She never attempted to set me up again and I forgave her. After all, she is my mother.
I was going out on a date with a girl that I knew in high school. Before we were about to leave her house, her father was in the driveway and his car wouldn’t start. He asked me to go to the local repair shop and borrow some jumper cables. When I went in the store, introduced myself, and asked to borrow the cables for my date’s father, the man took me aside and said, “that guy has been trying to steal jumper cables from me for months!”
I was caught dead in my tracks and started to sweat. I just explained to her father that he had lent them to someone else. I will never forget that scenario.
My best date was back in the summer of 2008. Dino had just come back from an international tour with one of his artists that morning. I remember him picking me up and us going for lunch at an Italian Restaurant in the Meat Packing District. I remember sitting outside when Dino gave me a gift from his travels (I think it was a bracelet; I am sorry to say that I lost it). After we ate, he took me on a boat ride (just the two of us) and he showed me a list of all the reasons he liked me that he’d made on the plane.
Twelve years and three kids later, the list is still in an old phone that my daughter plays games on. The reason this was my “best date” was because of the effort made on Dino’s part. I could tell that he planned the date and it really showed his interest and love.
The best date I’ve ever been on took place about 42 years ago.
On its face, it was an unremarkable first date. We saw a movie: Saturday Night Fever. She lived in Bensonhurst, so seeing it was required. Then, went to a diner. What made it so memorable were 2 things that occurred at the end of the evening.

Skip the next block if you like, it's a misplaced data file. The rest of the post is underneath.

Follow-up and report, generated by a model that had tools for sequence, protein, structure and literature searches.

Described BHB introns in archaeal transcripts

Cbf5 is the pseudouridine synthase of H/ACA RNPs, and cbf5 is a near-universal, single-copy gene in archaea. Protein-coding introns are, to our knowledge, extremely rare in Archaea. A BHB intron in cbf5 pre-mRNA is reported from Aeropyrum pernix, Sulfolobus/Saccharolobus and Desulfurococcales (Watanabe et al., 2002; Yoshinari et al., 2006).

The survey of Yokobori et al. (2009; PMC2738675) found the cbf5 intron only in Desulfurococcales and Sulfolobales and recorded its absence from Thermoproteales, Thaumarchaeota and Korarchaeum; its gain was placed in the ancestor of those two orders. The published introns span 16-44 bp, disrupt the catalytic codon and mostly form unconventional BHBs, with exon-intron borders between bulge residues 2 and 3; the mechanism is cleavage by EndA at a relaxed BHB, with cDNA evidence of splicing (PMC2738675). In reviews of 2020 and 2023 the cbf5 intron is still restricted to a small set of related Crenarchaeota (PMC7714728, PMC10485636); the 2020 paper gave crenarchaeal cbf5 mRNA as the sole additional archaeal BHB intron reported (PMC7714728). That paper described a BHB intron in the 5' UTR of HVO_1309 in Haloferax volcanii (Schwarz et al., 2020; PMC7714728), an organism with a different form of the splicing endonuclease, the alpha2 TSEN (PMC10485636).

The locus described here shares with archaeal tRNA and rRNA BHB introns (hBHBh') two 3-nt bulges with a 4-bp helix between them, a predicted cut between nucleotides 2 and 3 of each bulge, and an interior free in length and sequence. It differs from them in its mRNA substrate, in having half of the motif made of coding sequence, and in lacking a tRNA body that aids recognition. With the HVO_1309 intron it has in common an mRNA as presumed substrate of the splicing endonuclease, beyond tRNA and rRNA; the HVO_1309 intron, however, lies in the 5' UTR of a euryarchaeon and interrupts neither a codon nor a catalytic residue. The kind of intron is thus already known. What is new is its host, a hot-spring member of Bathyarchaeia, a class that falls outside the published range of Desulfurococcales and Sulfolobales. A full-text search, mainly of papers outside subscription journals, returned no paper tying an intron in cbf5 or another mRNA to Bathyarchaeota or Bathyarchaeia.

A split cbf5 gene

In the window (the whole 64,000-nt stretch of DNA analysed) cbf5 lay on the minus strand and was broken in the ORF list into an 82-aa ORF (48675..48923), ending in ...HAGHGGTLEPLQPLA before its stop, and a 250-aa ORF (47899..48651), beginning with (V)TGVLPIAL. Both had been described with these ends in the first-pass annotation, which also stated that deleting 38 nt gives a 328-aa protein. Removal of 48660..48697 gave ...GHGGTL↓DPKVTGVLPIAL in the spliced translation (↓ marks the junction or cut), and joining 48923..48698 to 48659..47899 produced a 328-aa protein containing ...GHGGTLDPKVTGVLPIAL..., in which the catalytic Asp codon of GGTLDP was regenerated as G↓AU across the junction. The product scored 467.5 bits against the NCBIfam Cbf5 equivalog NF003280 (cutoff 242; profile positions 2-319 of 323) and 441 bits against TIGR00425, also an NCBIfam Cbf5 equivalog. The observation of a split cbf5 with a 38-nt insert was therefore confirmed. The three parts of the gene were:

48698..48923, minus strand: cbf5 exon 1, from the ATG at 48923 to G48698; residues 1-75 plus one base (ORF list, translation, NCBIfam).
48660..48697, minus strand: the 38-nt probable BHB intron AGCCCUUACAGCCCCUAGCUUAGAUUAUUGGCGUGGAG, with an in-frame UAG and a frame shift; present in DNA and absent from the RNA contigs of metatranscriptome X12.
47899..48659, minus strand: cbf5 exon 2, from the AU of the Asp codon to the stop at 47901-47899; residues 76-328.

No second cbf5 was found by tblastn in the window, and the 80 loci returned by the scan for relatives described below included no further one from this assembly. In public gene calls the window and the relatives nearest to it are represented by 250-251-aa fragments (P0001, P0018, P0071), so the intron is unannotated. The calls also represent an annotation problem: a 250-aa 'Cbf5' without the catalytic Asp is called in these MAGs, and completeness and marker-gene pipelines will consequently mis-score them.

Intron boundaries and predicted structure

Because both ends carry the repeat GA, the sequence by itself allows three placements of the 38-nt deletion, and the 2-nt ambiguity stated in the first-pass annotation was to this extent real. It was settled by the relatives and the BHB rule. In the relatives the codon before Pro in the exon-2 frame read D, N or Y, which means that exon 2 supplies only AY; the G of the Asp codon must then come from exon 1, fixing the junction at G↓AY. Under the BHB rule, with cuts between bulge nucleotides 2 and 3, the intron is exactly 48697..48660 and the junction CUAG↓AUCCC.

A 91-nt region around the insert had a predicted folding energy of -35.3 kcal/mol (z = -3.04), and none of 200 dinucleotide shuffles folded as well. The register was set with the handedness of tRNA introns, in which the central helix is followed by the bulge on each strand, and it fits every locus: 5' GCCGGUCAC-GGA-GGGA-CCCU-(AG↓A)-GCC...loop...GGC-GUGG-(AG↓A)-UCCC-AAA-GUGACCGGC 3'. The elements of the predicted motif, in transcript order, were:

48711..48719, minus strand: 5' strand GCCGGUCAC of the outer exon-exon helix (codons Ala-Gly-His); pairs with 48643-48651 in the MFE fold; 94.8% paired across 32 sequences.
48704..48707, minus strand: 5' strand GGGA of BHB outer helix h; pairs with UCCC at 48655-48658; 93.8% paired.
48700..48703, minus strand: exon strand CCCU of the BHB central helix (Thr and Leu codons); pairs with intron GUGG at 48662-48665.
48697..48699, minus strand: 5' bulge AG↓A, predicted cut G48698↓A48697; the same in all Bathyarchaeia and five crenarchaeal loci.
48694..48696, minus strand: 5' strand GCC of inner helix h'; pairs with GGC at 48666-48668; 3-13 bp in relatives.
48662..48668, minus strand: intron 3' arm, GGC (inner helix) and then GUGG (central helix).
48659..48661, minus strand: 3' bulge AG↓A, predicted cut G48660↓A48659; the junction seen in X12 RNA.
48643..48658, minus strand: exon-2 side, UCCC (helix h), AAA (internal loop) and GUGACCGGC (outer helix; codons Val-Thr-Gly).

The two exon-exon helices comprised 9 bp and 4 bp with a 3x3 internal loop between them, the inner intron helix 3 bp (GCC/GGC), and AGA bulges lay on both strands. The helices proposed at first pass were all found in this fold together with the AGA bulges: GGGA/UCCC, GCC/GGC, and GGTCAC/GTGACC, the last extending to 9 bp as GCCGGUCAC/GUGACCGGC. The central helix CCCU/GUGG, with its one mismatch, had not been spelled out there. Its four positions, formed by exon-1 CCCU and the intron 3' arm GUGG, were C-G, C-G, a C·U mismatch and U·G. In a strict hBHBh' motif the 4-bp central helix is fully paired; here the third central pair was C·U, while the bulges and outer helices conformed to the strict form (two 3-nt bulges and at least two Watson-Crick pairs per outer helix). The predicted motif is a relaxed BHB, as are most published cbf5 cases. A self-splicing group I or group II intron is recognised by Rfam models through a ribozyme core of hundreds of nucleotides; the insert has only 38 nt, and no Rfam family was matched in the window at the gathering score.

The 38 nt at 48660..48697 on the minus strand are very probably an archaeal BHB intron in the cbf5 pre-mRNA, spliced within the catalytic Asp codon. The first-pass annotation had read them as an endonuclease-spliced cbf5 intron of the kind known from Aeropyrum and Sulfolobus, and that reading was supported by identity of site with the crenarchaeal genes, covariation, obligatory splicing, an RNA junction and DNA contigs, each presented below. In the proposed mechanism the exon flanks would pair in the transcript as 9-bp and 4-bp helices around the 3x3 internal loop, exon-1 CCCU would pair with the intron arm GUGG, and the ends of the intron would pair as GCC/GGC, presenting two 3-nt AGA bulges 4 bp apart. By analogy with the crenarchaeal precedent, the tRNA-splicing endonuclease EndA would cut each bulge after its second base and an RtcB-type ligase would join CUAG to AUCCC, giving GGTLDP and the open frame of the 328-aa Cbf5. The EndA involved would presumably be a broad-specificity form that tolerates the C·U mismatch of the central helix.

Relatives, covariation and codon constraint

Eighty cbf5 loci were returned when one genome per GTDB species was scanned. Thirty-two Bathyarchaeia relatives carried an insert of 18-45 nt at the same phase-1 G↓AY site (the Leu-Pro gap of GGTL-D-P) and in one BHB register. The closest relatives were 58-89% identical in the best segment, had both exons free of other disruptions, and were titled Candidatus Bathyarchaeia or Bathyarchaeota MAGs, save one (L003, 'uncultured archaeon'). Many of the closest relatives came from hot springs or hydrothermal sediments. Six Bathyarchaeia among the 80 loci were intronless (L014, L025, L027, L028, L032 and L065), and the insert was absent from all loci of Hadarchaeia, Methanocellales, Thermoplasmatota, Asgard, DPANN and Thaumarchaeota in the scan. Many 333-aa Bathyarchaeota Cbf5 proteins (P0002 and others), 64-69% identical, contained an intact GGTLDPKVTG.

First, was the unshakeable feeling when saying goodnight that this would be the beginning of a very long story.
Then, after giving her a minute to get rid of her gum, there was that kiss goodnight. Our first kiss, not exactly chaste, but far from passionate, gave me chills. Looking at her as I pulled away, I wondered if the feeling was one-sided. She looked thoughtful, a bit shaken really, & said she wanted to try another kiss. With her eyes still closed after our second kiss, she described feeling an electricity, a tingling, putting to words what I couldn’t. That was the end of the date, but not the story.
We celebrated our 41st wedding anniversary last summer. 41 years filled with so much more good than bad; there was some sadness, but so very much happiness. 41 years worth of electrifying, tingling, chill-inducing dates!
I don’t usually date, for what it’s worth I dive right into relationships,
However, my best date ever took place when I was 20 years old on the back of a Harley with one of my long term sweethearts. We took a ride through the Jemez Mountains of New Mexico and our destination was the sacred hot springs where we hiked and skinny dipped. It was our first date.
I did not wear a helmet because there was no helmet law at that time. It was glorious.